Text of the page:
Katsu Imamura taught me about storytelling. He’s an unlikely teacher for a writer, being that he’s a sushi chef. But it wasn’t until I sat three feet from him at the sushi counter of his eponymous West Ridge restaurant, that I understood how a chef—an artist, really—could convey a compelling narrative arc with food as the medium.
Upon a long plate of glass, Imamura presented 12 pieces of sushi, meant to be consumed from left to right. It began with hamachi flown in from Tsukiji fish market in Tokyo, then a marbled slab of salmon, then a buttery escolar with Australian truffle. On and on this went, a sequence that flowed as logically and seamlessly as “Wanna Be Startin’ Somethin’” to “Baby Be Mine” to “The Girl is Mine” to “Thriller” to “Beat It.” Imamura weaved a yarn that ebbed and flowed, a flavor note from one nigiri carrying over to the fried prawn head of the next. There were callbacks, surprises, ellipses, and exclamation points. There was momentum and energy in his telling. After that meal, I sat stunned, my mind having burst like salmon roe.
This year marks the 29th year Katsu Imamura and wife Haruko have run what many Chicagoans consider the finest and most faithful Japanese restaurant in town. And they have decided it’s time to end this chapter. Imamura, 74, will be retiring at the end of November, and the couple decided Katsu cannot be Katsu without, well, Katsu. Tentatively, they will be closing the Sunday after Thanksgiving, November 26.
“Now we are both healthy and still have time to enjoy other things, so we thought, perfect time,” Haruko Imamura said. “We are simply very happy and we feel it’s just the right thing to do.”
Katsu Imamura’s path to Chicago restaurant renown follows an unlikely road. In his younger days, he was a women’s fashion designer in Japan. But he loved food, and so when he arrived in Chicago in 1979, Imamura knocked on the door of a River North restaurant called Yanase. He had no previous cooking experience, but asked for a job anyway.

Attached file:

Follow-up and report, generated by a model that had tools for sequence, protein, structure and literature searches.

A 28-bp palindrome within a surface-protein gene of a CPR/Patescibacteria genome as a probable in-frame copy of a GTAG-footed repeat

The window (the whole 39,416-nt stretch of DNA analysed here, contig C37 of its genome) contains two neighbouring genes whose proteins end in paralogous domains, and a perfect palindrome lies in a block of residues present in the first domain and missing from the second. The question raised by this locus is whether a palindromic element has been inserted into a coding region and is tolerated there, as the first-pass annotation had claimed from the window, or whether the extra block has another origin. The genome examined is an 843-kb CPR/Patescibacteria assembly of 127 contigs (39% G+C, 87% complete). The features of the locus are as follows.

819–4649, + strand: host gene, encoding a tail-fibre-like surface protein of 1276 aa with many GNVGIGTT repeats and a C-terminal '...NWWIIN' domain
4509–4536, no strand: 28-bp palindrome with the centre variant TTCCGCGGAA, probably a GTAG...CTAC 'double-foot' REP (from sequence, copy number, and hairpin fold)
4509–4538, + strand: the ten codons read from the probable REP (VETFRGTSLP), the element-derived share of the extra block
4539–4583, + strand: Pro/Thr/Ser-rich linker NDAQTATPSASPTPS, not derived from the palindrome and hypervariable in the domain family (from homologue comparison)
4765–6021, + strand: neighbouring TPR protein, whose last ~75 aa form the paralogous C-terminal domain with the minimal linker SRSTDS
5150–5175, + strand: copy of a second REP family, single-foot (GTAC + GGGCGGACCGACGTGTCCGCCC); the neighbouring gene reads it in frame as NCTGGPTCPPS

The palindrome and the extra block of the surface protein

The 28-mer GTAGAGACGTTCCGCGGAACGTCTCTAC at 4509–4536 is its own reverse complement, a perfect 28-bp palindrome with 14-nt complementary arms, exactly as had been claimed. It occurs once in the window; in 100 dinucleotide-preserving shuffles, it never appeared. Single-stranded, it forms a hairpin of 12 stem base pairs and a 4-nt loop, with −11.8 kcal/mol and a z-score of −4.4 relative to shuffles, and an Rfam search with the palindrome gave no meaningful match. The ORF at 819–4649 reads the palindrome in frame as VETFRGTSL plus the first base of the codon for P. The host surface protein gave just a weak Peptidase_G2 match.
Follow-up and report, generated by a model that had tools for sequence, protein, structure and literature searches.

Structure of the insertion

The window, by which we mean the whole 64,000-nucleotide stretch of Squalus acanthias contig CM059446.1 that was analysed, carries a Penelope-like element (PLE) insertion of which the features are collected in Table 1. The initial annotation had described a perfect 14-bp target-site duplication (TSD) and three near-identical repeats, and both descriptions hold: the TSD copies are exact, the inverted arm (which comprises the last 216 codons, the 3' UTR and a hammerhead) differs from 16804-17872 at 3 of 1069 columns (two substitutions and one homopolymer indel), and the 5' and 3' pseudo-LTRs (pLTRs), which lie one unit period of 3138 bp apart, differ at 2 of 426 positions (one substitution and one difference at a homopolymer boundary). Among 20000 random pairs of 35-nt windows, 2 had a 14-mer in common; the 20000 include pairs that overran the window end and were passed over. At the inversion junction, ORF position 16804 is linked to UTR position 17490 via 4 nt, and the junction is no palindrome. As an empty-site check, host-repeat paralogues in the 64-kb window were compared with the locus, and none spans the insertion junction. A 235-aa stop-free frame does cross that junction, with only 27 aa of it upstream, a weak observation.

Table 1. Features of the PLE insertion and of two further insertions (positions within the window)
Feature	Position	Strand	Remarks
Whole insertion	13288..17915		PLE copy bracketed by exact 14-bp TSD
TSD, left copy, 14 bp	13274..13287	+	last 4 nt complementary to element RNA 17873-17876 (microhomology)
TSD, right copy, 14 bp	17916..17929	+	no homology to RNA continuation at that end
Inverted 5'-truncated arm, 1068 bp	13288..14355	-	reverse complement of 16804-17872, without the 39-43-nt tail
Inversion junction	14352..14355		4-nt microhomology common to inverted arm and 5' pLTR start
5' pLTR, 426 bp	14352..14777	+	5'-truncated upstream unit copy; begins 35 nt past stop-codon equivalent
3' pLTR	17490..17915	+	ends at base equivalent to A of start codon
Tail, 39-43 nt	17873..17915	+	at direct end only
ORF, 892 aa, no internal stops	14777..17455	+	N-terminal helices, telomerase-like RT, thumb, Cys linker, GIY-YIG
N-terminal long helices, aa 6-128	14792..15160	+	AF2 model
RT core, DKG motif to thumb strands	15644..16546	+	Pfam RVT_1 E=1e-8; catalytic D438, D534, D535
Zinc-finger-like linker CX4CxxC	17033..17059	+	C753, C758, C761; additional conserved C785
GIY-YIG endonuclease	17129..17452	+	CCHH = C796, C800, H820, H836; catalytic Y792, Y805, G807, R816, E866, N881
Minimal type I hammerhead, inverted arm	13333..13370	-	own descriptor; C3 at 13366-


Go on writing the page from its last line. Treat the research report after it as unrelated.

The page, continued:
He devoted his life to cooking, and learned the intricate ways—the hand movements, the precise knife techniques, temperature control in rice—of becoming a sushi chef. In 1988, Imamura and his wife decided to strike out on their own. They found the only space they could afford on a stretch of Peterson Avenue. Despite the neighborhood not being known for its restaurant scene, it was a convenient location, especially for Japanese businessmen, who found it a short distance off the interstate on their way to and from O’Hare airport. Practically every well-known Japanese celebrity or athlete has made a Katsu a requisite stop over the last 30 years.
Word of its closing has been kept quiet—Katsu and Haruko have informed only their most loyal customers of their plan. But they didn’t want to make a big scene of it, and truth be told, were reluctant to have their retirement marked by public fanfare. Humility has always been their nature—the Imamuras don’t have a robust social media presence, they don’t advertise, and they never hired a public relations firm. They just want to run a business and serve decent food. But it would be a shame if Katsu quietly faded away. As a public service, Chicagoans deserve sushi—unvarnished as it was intended, without volcano sauce or arranged as a fire-breathing serpent. Until November 26, Katsu is the narrator I want telling me that story.
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